There are also other indicators supportive of Canadian agriculture that weren’t there 40 years ago. For one thing, debt-to-asset ratios have been declining the past few years, putting farmers in a better position than 10 years ago, Klemmer says. Farmers made strategic investments in their operations with land and equipment. As well, even with high land values, the amount of debt relative to asset appreciation is lower.
It should be pointed out that a good deal of this improving ratio might simply be a reflection of inflation on land bought at a lower price, and not an indication of good management, but none the less it makes for a better ratio.
And we are certainly not in the interest rate nightmare of the ’80s. Interest rates are expected to remain low at least until mid-2017. Klemmer believes that when they do go up, both short- and long-term rates will rise incrementally. And while input costs continue to escalate, especially those sourced out of the U.S., lower fuel and fertilizer costs will offset some of that.
FCC and Ottawa both insist agriculture is in a good position moving forward, and that while the agriculture economy might soften, future population growth and a growing global middle class demanding higher-quality food will ensure markets for our products into the future.
The view from the grains and oilseeds sector
Land values, according to FCC’s Farmland Values Explained, are affected by interest rates, crop receipts and momentum effect. We’ve already looked at the first two, but what about that momentum effect? If farmers are susceptible to it, could industry and analysts be as well? We’re all looking at the same numbers, but assessing these numbers relative to an entire industry might result in quite different conclusions than when applied to your farm. Or mine.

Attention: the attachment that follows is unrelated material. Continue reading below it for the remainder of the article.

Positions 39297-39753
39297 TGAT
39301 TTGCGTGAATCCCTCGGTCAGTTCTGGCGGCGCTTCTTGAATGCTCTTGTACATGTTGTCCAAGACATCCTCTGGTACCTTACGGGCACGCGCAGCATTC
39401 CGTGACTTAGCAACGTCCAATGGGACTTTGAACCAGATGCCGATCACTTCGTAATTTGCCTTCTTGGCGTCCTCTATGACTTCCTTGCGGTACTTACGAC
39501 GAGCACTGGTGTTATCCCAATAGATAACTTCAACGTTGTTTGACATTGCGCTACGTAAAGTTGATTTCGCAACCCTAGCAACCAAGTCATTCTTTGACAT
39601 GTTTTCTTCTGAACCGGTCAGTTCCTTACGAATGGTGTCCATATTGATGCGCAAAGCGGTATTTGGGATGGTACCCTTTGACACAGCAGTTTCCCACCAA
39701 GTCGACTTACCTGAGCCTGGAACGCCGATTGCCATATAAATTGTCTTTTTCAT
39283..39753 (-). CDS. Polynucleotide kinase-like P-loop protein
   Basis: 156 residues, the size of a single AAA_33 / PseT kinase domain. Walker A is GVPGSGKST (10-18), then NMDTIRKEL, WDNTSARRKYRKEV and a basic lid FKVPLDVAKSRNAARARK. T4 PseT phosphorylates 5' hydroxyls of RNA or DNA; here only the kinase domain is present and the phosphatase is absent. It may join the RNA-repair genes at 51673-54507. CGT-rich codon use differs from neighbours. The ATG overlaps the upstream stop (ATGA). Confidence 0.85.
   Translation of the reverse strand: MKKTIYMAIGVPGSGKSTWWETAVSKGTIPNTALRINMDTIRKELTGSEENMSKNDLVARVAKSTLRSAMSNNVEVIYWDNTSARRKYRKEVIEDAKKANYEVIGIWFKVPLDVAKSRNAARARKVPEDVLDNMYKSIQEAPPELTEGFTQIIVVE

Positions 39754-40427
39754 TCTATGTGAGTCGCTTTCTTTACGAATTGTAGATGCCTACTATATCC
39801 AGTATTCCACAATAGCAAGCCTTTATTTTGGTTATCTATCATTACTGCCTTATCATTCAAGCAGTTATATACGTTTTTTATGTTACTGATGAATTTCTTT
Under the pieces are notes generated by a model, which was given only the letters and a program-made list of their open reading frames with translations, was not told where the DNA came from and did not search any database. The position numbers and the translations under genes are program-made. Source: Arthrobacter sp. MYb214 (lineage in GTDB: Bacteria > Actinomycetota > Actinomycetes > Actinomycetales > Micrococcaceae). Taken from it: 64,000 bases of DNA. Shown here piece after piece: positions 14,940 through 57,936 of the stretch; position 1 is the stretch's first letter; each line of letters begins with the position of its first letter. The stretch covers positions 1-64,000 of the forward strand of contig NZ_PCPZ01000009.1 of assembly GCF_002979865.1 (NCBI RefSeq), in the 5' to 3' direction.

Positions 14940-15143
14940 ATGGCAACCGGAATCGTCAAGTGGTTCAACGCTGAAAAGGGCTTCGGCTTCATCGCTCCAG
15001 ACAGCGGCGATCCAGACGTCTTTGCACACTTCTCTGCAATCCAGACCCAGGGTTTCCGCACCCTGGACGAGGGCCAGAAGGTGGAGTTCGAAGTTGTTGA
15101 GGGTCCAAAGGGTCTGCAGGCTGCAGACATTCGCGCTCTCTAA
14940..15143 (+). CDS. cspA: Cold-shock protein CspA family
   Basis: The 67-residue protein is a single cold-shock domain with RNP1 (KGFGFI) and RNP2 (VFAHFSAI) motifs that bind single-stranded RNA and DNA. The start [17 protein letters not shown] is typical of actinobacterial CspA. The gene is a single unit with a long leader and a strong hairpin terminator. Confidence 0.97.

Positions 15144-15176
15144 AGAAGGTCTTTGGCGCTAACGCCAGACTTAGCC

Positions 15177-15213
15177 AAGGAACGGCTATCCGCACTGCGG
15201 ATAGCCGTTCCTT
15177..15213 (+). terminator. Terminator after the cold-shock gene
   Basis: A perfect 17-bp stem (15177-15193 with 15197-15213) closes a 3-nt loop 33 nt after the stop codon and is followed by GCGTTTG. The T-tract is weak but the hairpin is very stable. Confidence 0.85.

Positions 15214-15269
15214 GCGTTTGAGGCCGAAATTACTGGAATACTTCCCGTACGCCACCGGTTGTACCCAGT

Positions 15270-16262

Record-high net farm incomes, record-high farm net worth at $2.1 million per farm, total debt-to-asset ratios declining over the past few years, and farm family income reaching another record — the AAFC outlook is pretty darn rosy. So why are we glancing over our shoulders at the ’80s?
Perhaps it’s debt. Not once does the outlook mention total farm debt. But according to FCC numbers it rose 68 per cent since 2005 to a record $84 billion.
So, let’s say you’re the farmer who just bought more land and upgraded your combine. Now you have to pay for it. Farm receipts in the grains and oilseeds sector declined by five per cent in 2014 and another four per cent in 2015, while expenses remained relatively the same. And net operating income per Canadian grain farm decreased an average of 10 per cent since 2013.
On huge farms that represents some pretty huge numbers. Like you, many of those farms took out loans to buy more land and equipment, and now have those payments to make. That declining net operating income basically represents cash available to pay off creditors.
Your farm is also paying a smaller percentage of your household needs. While total family income per grain farm has increased from $145,000 in 2013 to $151,000 in 2015, the income coming to the family as a portion of the net operating income is actually decreasing slightly, meaning the increase comes from off-farm wages, investment income and farm salaries.
This isn’t to point to anything necessarily dire. It’s an observation that overall numbers only tell part of the story, and farmers need to crunch the numbers in their own sector and on their own farm so they understand why cash flow might be tightening up, making it harder to pay the bills or get ahead.
So what is a farmer to do?
For 15 years Lance Stockbrugger worked as a chartered accountant and adviser in the agricultural sector and he continues to work as a sought-after speaker on ag financial issues, with his most popular talks on buying versus renting land and equipment leasing or buying. He also farms 4,000 acres near Englefeld, Sask.
Stockbrugger agrees we’re unlikely to see the bankruptcy rush of the ’80s. “People are going broke but not in the same numbers as before,” he says. “More farmers are watching their financials more closely, and if the farmers don’t know them, the bankers do. The industry is more on top of it than it was in the ’80s.”
But while producers aren’t necessarily going bankrupt, “there are a lot of auction sales where it sounds like they’re getting out or restructuring. And what we’ve heard is, they have no choice. They are selling equipment to refinance. In the ’80s they just kept pushing, thinking it would get better and then went bankrupt. Today they are reacting sooner.”